Satellite observations of Tonga volcano tsunami key to improving future early warning models

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A satellite observation made by the Copernicus Marine Service (CMEMS) of a volcanic eruption and subsequent tsunami in January 2022 could provide key information in improving future volcano-tsunami-related models, possibly leading to better forecasts of when and where they may hit.

Volcano-triggered tsunamis are far rarer than those caused by earthquakes and therefore forecasting models and warning systems are less advanced.

According to CMEMS, current models did not fare well following the Hunga Tonga-Hunga Ha’apai eruption – with coastal communities in Peru and Japan experiencing unexpectedly high waves that hit early. Moreover, locations of the main wave spotted in satellite data did not quite meet predictions.

The Sea Level Thematic Assembly Centre of CMEMS, implemented by Mercator Ocean International on behalf of the European Commission, observed the volcanic eruption and seaquake of the eruption and the following tsunami via satellite observation of sea level and sea surface roughness.

Yannice Faugere, head of the satellite team and environmental monitoring department at Collecte Localisation Satellites (CLS), a subsidiary of the French Space Agency CNES and part of the CMEMS Sea Level Thematic Assembly Centre (Sea Level TAC), said, “This is the first time that we have so many flying altimeters to measure a tsunami wave. With multiple satellites monitoring the ocean, the tsunami waves have been measured several times, by several missions. These altimetry observations can be used for improving models of tsunamis, which is important for forecasting tsunamis and improving alert systems.”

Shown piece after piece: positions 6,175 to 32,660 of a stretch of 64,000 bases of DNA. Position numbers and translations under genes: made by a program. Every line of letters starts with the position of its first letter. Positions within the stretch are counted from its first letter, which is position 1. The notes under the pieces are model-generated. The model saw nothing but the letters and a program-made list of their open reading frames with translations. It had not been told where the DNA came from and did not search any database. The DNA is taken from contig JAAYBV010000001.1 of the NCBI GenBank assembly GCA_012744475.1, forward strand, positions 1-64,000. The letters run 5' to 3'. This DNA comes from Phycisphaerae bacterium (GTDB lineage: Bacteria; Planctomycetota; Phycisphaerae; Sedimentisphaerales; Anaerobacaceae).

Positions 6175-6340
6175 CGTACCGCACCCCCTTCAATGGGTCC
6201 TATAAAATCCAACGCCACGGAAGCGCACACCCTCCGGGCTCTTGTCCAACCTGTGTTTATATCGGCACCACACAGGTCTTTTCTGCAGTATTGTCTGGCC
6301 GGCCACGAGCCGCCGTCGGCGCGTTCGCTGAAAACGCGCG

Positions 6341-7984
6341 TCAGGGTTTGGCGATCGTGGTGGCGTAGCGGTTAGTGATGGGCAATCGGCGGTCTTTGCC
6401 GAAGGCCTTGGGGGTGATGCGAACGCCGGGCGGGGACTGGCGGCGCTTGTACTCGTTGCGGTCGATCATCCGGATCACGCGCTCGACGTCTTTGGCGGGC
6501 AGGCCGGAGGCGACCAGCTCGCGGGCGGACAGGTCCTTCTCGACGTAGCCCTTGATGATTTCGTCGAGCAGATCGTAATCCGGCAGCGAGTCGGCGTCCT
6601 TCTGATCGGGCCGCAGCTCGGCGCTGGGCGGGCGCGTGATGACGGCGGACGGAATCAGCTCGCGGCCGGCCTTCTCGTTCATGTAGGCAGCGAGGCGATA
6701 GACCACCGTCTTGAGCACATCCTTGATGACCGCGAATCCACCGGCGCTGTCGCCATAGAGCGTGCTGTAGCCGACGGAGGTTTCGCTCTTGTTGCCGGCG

The signature of the tsunami is also visible through the sea surface roughness observed by the Sentinel 1 satellite, explains Romain Husson of CLS, who is also part of the CMEMS Wave Thematic Assembly Centre (Wave TAC): “In satellite images showing sea surface roughness, we saw that the waves were curved. The curvature indicates a direction of propagation. We used Sentinel-1 information to trace the waves back to their location at the moment of the eruption. When we did this, we got to a point just a few kilometers from the center of the eruption.”

The Copernicus Marine Sea Level TAC and Wave TAC observations are complementary – while the Sea Level TAC altimetry data clearly shows the main tsunami wave, the Wave TAC backs up the Sea Level TAC observations of the tail of the tsunami. Together, the two show the power of harnessing different types of data from multiple satellites for monitoring tsunamis and improving models of how they work.

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, editor-in-chief

Dan first joined UKi Media & Events in 2014 having spent the early years of his career in the recruitment industry. As editor, he now produces content for Meteorological Technology International, unearthing the latest technological advances and research methods for the publication of each exciting new issue. When he’s not reporting on the latest meteorological news, Dan can be found on the golf course or apprehensively planning his next DIY project.

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